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Though it can be tempting to jump right back into swim, bike, run preparation for 2019, there might be better areas to focus on in the off-season that could lead to more gains.
During the season, it’s difficult to focus on that extra 10 percent, which is why the winter is the time to do all the things you’ve been putting off. Sure, there are no prizes awarded at the end of the pre-hab finish line or 30-minute core workout, but it will pay off come next year.
Here are some ideas on why and how to emphasize the “extras” so when you hit triathlon-specific training, you’re healthy and ready to go!
Focus: Rehab or pre-hab
Got that one nagging little issue (or nervous to acquire any in the future)? Treat the off-season as injury prevention time. For many types of injuries, you need rest combined with proactive treatment for best results. Josh Glass, owner of Georgia Sports Chiropractic in Atlanta, Ga., points out that the majority of endurance athletes’ injuries are overuse in nature, and hands-on treatment, improved biomechanics and rest can all help.
Your training plan: Work with a healthcare professional to devise a rehab or pre-hab “training plan.” Making sure you’re not weak or lack mobility in a key area will pay dividends when you ramp up the volume down the road.
Glass says that the most important part of treating or preventing any injury is identifying the cause and getting an individualized treatment and home rehab plan you can do daily. Give yourself goals such as getting to the point where you can do an activity pain-free, achieving X range of motion or improving to a level of strength that your healthcare professional advises.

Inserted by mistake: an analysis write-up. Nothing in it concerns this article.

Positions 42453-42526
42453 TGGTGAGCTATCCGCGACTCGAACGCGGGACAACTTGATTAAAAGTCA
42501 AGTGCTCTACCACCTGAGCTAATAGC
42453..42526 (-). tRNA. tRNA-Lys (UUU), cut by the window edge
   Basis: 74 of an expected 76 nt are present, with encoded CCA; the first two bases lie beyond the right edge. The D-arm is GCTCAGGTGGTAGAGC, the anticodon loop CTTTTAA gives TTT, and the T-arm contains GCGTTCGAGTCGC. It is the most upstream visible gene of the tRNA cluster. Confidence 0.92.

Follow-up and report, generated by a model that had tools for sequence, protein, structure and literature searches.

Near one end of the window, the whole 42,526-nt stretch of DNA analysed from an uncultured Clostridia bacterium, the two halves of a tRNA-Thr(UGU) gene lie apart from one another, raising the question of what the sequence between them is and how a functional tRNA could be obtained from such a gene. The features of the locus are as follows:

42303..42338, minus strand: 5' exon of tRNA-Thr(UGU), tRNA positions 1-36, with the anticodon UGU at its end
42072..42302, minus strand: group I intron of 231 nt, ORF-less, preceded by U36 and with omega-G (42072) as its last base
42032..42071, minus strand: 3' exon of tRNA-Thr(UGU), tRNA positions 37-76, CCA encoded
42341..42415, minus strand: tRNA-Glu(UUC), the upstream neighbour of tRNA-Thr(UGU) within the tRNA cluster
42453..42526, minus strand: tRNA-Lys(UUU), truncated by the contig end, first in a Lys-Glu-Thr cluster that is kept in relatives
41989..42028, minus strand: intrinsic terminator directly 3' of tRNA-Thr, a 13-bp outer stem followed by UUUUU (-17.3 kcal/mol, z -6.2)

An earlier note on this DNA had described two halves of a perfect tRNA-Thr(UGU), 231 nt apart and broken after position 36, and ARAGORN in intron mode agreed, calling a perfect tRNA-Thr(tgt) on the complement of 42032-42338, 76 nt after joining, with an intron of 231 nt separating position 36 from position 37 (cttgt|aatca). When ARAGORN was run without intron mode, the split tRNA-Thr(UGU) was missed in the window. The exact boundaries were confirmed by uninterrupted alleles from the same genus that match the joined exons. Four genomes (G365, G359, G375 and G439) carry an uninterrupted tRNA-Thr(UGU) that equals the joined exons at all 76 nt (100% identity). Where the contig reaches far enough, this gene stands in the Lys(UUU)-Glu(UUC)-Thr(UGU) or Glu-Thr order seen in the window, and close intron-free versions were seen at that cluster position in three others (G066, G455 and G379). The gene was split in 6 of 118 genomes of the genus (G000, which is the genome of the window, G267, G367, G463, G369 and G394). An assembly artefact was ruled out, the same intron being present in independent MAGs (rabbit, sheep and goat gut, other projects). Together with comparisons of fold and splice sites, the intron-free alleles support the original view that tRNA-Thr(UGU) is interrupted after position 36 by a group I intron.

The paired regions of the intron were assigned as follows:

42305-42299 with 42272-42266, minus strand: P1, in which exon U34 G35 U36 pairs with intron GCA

Focus: Body composition
It can be the best of times (less training) and the worst of times (holiday season) to work on body composition during the winter months.
Ilana Katz, a licensed dietitian and the owner of Optimal Nutrition for Life, says it is difficult to achieve in-season weight loss because peaking aerobically is complex, and part of it has to do with metabolic efficiency. “An aerobically efficient athlete’s body uses calories sparingly,” she says.
“During the peak of the season, endurance athletes aim to match their training calorie intake toward calories burned, yet they are also at their peak of aerobic efficiency.”
Simply, this means it can be extra difficult to get lean while pounding away hours swimming, biking and running. The off-season is a great time to focus on returning to lean as a main goal, because balancing calorie burn with calorie intake is much more simplified when aerobic efficiency is reduced. Katz recommends combining small changes in diet along with resistance training to maximize results.
With this plan, she says, “you will be amazed at the lean physique emerging at the other end of the holidays ready for a new season leaner and stronger.”
Your training plan: Solo or in partnership with a dietitian, identify the low-hanging fruit as far as nutritional changes you can make and combine with a sustainable healthier diet.